Geraniaceae 2
Ranunculaceae 2
Verbenaceae 2
DOI: 10.7717/peerj.15220/table-1

The most common families were Asteraceae, Poaceae, and Fabaceae (Devesa Alcaraz & Carrión García, 2012). Therefore, weeds are also well represented by these families, and they have been extensively investigated in the last few years, according to our results. Ambrosia artemisiifolia is an aggressive weed that has been considered from ecophysiological, allergenic, and chemical points of view (Willemsen & Rice, 1972; Bazzaz, 1974; Wang, Xu & Wu, 1993; Klimek, Becker & Raulf, 2014). In fact, according to our review, the Asteraceae species is the one most investigated. Other families like Chenopodiaceae and Amaranthaceae were also of interest, especially the Amaranthus genus. The repetition of some emblematic taxa was due to their concern and interest. For instance, in China, several species were repeatedly studied by Wan & Wang (2019a, 2019b).

Origin of data: variables and databases

Climatic or bioclimatic variables were always used when setting up models, following the example of Bede-Fazekas & Somodi (2020), who frequently considered them. In some cases, these explanatory variables were used alone, whereas in others, they were combined with topographic, pedological, anthropogenic (human footprint), and, to a lesser extent, other biotic variables.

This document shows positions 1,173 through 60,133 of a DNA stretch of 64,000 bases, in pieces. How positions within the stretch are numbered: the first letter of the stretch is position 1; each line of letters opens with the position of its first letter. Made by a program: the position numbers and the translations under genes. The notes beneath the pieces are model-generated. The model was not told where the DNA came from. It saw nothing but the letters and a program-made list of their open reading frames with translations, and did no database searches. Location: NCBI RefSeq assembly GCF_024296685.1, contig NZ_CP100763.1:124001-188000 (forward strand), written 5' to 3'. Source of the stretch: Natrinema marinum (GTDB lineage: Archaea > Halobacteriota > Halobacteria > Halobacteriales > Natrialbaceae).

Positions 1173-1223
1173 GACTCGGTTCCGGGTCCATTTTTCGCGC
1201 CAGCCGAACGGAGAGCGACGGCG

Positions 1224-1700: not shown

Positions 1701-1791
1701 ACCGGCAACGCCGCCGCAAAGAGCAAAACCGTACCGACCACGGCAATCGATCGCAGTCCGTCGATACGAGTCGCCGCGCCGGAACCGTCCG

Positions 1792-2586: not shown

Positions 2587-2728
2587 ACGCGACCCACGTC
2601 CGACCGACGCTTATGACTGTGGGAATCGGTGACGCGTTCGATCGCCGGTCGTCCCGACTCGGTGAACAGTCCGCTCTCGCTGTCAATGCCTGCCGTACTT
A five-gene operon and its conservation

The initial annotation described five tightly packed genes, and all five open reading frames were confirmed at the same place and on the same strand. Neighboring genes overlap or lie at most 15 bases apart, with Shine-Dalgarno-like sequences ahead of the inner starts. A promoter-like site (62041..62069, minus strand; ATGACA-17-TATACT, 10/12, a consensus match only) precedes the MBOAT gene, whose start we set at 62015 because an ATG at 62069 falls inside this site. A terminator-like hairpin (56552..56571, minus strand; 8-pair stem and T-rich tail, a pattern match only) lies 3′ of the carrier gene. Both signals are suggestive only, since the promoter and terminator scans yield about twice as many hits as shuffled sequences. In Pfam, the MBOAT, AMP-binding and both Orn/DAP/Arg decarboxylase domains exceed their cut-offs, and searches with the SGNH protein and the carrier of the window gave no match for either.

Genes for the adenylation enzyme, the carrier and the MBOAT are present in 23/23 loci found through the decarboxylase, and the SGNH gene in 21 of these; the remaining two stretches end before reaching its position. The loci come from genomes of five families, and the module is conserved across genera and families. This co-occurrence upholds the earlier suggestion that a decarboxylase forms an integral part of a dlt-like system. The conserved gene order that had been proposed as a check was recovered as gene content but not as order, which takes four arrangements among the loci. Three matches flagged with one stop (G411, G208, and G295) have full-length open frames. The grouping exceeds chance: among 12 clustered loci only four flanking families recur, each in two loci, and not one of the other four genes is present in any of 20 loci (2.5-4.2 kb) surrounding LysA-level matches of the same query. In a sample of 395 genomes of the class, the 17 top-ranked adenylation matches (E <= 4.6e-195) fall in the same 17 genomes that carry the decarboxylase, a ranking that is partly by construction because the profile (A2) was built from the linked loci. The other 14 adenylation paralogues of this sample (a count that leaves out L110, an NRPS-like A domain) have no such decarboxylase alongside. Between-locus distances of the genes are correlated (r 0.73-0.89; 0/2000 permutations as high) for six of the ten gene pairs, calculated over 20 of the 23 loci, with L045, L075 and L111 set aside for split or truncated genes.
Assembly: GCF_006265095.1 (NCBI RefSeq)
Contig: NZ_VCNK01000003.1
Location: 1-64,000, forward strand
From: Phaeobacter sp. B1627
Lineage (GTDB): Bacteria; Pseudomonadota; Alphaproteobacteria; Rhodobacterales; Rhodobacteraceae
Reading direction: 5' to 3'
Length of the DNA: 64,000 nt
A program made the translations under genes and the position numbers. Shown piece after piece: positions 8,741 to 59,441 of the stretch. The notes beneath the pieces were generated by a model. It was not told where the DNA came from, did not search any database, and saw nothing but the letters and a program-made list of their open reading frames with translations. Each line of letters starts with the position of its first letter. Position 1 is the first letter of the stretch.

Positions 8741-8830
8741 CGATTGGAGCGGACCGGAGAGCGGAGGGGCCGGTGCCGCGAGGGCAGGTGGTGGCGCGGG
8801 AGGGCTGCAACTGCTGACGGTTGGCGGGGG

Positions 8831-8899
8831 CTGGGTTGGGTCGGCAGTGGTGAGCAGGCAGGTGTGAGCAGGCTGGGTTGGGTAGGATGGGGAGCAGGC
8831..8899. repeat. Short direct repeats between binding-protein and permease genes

Topographic variables also supported the climatic or bioclimatic ones, although the authors were generally accurate, and correlation matrices were computed in order to prevent collinearity between variables. Human footprints or anthropogenic variables are of interest in modelling (Seiferling, Proulx & Wirth, 2014; Gallardo, Zieritz & Aldridge, 2015), especially when working with weeds (Korres et al., 2016). Biotic variables have been increasing in the last few years, although they are not used very much yet, and, in this review, very few articles considered them. The target species (weeds) may not show the same suitability as forestry or non-weedy species, where biotic variables can provide a better fit to the niche (Woerner & Hackney, 1997; Meier et al., 2010).